“Go-go in the left hand, that’s my m.o.: Do whatever. Stride and boogie-woogie, they’re almost generic now. There are books to teach you how to play those styles, or how to play like Eddie Palmieri. My idea is to use old forms to create a contemporary feeling in a seamless way — not to evoke Harlem or Chicago’s South Side. If it reminds you of something, that’s fine, but it has to reflect our own age. So much of hip-hop culture is defined by the heavy fatback thing; why can’t I express that in the left hand?”

You can smell the skillet sputter on a swaggering “Wide Berth” and the go-going Gilchrist standard “Assume the Position.” (There’s a band version on the soundtrack to The Wire.) But he’s no one-trick wizard; he keeps that left-hand action going his own ways too, setting up a killer pattern and then disrupting it just long enough to make you worry.

Gilchrist has spent the last 30 years mulling the keyboard, after a late start. He was taking pre-college summer classes at the University of Maryland Baltimore County just before his 18th birthday when he impulsively sat down at an unattended grand piano (It was under a spotlight, beckoning.) An hour later a friend came by and said, “I didn’t know you could play.”

He spent much of his first semester camped out in practice rooms, indulging his new passion. “I learned by just noodling, all by ear, intentionally going into my own imagination and thinking, ‘Could this really be music?’ I didn’t even know what improvising meant. Dr. Stuart Smith, the new music composer at UMBC, had to tell me: ‘You’re improvising.’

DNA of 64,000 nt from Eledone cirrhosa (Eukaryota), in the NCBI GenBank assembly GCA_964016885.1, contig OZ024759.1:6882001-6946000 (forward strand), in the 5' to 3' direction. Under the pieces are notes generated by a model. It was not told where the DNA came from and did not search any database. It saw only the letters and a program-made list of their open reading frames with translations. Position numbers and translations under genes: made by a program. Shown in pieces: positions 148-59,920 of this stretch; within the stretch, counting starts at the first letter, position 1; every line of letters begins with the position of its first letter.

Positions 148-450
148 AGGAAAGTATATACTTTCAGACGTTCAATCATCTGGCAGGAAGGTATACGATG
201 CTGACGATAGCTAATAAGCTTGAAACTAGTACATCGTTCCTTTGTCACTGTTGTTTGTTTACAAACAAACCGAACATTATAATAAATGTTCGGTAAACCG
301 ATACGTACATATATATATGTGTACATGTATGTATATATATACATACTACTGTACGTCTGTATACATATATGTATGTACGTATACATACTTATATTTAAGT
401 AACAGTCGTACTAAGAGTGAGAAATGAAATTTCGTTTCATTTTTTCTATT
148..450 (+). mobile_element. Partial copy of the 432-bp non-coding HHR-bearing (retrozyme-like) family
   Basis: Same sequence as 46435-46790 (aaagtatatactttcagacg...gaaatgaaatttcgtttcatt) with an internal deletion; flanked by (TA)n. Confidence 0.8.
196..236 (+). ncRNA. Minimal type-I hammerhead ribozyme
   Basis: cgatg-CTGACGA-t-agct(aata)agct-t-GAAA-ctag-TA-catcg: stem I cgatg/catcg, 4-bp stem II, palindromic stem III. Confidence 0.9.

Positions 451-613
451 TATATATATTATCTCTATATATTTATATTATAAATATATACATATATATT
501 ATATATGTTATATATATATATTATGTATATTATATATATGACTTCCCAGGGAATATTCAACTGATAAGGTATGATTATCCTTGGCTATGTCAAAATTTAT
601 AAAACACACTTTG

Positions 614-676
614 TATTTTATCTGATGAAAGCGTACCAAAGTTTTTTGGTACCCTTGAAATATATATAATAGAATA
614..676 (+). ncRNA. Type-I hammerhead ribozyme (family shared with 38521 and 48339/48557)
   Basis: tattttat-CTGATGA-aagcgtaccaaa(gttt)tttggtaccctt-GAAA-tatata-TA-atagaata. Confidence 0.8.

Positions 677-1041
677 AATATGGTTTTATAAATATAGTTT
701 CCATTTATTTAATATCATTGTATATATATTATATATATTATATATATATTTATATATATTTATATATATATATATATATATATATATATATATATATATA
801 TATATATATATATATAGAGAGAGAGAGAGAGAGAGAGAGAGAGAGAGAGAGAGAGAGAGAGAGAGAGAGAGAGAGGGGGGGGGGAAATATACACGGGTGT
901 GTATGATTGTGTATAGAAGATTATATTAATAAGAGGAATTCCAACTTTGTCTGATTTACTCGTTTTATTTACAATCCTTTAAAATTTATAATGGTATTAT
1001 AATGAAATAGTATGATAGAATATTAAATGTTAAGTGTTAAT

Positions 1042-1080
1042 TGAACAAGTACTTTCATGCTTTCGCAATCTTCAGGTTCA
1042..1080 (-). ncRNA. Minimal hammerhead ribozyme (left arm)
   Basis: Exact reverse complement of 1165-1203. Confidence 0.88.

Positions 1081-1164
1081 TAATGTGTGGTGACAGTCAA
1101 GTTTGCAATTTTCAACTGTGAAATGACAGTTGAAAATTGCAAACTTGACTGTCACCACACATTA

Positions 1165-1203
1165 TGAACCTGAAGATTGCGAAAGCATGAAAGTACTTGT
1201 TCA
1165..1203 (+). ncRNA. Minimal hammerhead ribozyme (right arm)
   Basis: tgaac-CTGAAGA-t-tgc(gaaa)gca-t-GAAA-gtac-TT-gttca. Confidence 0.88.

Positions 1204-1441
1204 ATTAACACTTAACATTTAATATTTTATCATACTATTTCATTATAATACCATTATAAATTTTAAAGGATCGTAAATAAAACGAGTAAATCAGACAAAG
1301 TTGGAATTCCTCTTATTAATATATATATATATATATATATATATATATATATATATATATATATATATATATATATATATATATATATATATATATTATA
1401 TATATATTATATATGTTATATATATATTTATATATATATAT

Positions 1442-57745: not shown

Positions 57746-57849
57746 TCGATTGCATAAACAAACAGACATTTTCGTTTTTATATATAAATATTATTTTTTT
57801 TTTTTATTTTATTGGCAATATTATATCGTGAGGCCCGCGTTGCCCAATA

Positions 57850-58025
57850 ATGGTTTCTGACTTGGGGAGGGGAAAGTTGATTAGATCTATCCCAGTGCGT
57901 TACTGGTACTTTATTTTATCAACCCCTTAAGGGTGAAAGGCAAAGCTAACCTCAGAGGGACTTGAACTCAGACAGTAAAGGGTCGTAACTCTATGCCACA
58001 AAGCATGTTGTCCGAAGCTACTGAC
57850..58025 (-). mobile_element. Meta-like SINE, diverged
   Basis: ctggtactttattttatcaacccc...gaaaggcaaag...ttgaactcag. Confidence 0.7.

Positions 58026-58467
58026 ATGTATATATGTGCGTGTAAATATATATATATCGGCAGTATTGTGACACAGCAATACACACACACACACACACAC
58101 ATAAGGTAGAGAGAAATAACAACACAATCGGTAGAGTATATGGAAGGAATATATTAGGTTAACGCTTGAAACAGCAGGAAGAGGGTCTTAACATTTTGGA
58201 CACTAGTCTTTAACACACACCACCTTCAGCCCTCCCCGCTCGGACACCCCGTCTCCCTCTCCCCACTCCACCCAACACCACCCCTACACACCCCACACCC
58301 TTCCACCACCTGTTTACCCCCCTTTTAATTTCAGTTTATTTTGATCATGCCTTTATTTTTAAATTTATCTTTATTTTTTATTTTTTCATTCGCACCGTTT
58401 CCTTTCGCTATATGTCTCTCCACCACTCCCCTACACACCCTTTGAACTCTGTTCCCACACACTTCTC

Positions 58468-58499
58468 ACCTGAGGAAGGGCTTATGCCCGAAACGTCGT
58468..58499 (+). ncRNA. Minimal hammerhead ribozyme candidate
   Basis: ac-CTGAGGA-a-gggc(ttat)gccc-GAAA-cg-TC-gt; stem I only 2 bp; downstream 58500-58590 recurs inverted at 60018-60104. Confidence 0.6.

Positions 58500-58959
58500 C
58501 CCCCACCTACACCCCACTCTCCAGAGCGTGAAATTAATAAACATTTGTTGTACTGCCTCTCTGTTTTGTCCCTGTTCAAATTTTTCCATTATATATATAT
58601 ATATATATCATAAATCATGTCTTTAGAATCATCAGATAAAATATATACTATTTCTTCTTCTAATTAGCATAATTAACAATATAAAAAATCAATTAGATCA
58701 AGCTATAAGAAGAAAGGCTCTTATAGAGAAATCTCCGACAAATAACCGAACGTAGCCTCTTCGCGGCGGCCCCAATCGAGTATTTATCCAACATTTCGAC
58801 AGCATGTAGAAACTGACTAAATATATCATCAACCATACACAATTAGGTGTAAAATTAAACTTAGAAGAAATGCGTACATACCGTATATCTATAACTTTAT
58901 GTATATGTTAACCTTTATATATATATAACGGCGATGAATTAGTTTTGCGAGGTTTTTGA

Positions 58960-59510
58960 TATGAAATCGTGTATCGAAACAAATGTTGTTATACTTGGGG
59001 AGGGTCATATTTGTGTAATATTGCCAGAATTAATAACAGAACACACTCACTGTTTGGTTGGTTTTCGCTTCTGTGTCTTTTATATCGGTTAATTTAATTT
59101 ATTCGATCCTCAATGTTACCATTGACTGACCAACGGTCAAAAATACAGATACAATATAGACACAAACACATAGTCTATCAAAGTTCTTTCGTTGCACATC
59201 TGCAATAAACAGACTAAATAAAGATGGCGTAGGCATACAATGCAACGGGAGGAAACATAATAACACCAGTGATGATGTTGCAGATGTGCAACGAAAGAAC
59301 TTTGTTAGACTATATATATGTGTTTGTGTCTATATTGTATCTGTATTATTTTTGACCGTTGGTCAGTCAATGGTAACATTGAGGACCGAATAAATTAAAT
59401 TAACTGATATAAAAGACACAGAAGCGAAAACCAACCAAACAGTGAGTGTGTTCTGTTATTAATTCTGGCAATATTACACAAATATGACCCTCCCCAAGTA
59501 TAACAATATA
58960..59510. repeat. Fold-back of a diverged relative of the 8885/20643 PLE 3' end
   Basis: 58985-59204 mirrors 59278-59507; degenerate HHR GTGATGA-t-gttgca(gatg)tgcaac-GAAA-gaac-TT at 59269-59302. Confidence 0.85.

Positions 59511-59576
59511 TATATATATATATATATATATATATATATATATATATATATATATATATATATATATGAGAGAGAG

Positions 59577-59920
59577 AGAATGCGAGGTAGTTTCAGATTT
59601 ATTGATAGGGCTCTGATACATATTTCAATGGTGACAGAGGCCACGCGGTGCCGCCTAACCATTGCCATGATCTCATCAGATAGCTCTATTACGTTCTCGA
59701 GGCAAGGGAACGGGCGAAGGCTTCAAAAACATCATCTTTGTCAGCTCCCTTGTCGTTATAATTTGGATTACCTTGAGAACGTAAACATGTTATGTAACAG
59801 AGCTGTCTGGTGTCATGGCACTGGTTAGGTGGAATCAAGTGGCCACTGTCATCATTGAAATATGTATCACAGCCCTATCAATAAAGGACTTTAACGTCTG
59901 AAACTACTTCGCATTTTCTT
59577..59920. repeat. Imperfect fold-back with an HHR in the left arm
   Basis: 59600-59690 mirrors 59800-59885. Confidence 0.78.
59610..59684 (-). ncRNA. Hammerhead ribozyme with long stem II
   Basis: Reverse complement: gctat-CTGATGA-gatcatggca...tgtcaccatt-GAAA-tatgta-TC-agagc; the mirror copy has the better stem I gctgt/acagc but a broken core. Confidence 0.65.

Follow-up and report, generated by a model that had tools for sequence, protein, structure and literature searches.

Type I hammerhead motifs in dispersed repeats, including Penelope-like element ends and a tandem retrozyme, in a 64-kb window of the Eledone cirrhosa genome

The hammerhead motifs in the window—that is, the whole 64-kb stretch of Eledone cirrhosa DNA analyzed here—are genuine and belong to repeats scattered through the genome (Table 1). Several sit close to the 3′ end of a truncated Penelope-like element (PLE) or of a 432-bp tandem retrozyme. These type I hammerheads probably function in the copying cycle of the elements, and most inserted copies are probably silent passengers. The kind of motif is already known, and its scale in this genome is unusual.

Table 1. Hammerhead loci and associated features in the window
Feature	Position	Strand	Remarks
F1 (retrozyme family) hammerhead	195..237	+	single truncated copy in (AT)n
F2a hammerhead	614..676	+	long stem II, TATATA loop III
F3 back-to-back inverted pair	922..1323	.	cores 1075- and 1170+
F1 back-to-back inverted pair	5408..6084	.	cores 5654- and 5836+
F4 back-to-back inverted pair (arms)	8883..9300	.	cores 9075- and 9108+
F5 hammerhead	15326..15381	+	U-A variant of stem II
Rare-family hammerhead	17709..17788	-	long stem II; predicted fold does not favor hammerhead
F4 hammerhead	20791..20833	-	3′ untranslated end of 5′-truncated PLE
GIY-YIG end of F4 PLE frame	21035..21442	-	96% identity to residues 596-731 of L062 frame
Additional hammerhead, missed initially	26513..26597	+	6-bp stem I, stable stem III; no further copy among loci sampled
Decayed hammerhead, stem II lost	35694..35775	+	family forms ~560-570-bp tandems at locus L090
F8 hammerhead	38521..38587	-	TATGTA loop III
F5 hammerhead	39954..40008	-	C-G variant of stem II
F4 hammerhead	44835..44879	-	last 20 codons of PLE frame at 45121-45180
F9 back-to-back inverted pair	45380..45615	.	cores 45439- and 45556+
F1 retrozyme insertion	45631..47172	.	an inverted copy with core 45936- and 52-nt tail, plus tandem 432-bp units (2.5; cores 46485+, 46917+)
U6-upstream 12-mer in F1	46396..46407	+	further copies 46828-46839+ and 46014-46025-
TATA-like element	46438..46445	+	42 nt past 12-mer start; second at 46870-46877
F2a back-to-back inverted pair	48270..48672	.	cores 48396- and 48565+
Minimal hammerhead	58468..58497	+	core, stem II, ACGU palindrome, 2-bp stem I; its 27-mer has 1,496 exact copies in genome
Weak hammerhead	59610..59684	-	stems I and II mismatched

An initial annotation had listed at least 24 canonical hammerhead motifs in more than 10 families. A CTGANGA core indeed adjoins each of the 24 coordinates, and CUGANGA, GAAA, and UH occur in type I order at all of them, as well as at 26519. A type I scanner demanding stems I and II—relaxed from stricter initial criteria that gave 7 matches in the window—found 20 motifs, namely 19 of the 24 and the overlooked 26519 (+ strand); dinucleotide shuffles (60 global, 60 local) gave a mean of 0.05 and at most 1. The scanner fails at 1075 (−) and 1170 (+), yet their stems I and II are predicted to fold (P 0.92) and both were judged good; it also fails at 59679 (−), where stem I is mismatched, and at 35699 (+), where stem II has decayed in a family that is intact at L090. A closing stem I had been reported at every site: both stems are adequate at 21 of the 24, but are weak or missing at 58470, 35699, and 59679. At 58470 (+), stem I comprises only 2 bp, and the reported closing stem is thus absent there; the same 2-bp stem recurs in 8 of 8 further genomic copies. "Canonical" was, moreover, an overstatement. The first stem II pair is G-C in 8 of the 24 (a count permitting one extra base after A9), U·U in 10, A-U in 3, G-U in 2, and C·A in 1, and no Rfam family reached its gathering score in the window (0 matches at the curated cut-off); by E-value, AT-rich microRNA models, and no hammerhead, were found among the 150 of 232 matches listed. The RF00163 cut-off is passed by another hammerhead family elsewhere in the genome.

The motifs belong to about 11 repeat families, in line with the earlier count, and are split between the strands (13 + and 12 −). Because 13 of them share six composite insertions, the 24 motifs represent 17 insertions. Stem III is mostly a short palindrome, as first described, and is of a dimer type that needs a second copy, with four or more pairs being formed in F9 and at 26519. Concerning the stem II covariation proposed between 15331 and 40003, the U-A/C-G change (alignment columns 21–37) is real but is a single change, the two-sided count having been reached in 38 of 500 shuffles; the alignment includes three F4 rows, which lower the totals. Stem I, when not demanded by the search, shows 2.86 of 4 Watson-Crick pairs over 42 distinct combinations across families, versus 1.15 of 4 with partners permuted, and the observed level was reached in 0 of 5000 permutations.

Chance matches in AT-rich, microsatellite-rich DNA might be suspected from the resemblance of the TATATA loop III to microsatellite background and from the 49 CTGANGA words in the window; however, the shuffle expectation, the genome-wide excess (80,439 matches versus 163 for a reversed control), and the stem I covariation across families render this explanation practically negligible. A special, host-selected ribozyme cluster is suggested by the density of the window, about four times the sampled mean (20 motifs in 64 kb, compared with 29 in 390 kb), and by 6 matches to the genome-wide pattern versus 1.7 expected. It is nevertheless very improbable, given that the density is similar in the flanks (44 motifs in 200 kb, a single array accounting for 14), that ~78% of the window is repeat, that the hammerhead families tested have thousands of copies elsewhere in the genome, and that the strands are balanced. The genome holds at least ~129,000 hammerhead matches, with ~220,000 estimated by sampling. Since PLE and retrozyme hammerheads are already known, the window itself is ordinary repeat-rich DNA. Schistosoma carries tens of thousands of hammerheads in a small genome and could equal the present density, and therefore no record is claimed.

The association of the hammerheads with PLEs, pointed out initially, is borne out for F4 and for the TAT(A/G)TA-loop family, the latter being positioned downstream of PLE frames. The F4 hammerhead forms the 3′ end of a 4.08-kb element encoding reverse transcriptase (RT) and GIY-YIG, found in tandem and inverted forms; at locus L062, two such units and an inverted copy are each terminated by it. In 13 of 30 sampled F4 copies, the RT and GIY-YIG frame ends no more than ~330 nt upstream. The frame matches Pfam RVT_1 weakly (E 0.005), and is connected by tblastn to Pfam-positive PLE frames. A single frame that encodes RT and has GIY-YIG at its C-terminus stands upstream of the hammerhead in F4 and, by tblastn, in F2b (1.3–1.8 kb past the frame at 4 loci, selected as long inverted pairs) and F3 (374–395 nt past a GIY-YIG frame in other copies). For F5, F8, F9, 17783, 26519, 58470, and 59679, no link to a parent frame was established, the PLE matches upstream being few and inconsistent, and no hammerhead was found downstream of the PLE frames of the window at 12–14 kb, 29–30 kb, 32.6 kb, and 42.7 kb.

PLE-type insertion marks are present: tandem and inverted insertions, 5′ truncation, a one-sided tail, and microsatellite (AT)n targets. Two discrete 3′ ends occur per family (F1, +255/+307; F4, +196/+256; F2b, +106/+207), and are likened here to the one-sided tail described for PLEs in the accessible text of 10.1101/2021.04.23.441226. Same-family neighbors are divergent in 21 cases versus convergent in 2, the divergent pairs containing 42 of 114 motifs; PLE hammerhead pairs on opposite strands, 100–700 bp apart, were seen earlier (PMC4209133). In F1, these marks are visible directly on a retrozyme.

“When I told my mom I wanted to become a musician, her second husband asked his father to talk sense into me. Instead, we became close, because I was interested in his Duke Ellington records. Mr. Boyd was a mainstream WWII-vet respect-the-flag dude, and that generation of black men would talk about Ellington the way the old boxers would talk about Sugar Ray Robinson. And he’d say, ‘Monk was good too.’”

It was all he needed to hear. Lafayette’s imagination had gotten him started on piano, but had only carried him so far — halfway, in a sense. “My grandma didn’t know any jazz history, but she knew jazz as popular music. Her first comment about my playing was, ‘You’ve got no left hand.’”

So he started catching up on the old southpaw masters. “I was always curious about where musicians got something from. My first Art Tatum cassette, I thought it had been recorded at the wrong speed, cause no one’s that fast. So I bought a second copy — same problem!”